As time progresses, we start to take things for granted. Do you remember in March 2002 when we all started to shelter in place, work exclusively by Zoom, and stopped seeing people in person for work? There was a newness to listing to the sound of children in the background that was both uncomfortable and kind for us to listen to. We knew the parent felt uncomfortable about what was happening and we all pooh-poohed it and moved on.
Now, months later, the sound of children in the background, the appearance of cats and dogs yields less mercy from too many of us and far more annoyance. We want people to handle their personal life like magicians who can wave a magic wand and make a four-year-old suddenly become quiet when s/he wants attention from their parent.
We also take for granted that the one person of color in our meeting knows and understands “the rules” for meeting conduct in a room where they are the only minority present.
Too often, their discomfort in those situations is not noticed.
Too often, the fact that they don’t speak up is misinterpreted.
While the others in the room posture for attention, often, the instinctive defense is to hope for invisibility, not notice.
In both of these situations, we take for granted that others know what we are thinking and can do better than what they are showing us.
Taking for granted is the conclusion upon which our assumptions land and judge others harshly.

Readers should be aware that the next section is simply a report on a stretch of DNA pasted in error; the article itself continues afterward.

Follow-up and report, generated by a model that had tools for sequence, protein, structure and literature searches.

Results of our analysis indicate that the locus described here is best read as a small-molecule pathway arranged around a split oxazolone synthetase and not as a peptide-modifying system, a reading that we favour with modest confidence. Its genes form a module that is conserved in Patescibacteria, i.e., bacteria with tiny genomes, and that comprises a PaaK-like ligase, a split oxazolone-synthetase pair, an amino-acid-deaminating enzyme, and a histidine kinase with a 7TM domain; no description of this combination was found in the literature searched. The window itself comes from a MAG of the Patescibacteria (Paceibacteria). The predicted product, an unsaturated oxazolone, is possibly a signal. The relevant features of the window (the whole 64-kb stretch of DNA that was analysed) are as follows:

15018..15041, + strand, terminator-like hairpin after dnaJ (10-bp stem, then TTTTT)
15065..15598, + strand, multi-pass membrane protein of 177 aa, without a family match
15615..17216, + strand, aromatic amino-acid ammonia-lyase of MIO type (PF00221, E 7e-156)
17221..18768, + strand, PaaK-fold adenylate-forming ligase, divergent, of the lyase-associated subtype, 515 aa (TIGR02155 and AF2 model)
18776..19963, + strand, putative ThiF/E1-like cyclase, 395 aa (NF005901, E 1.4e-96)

Assume everyone wants to do well and that the reason that they are not meeting your expectations is that it is hard for them at that moment. The father on his laptop on the couch with his daughter lying next to him, her feet on the wall, is not a good look for the workplace.
Try moving her and see what happens.
It’s the best that can be done in the moment.
Imagine what it would be like for you as a white person in an all person of color meeting. Would you know the inside jokes? The little cultural asides that come from shared experience?
But we take it for granted that everyone at the meeting does.
That’s our mistake. We need to change us and not expect that of others.
Ⓒ The Big Game Hunter, Inc., Asheville, NC 2020
ABOUT JEFF ALTMAN, THE BIG GAME HUNTER
Jeff Altman, The Big Game Hunter is a career and leadership coach who worked as a recruiter for more than 40 years. He is the host of “No BS Job Search Advice Radio,” the #1 podcast in iTunes for job search with more than 1900 episodes, and is a member of The Forbes Coaches Council.
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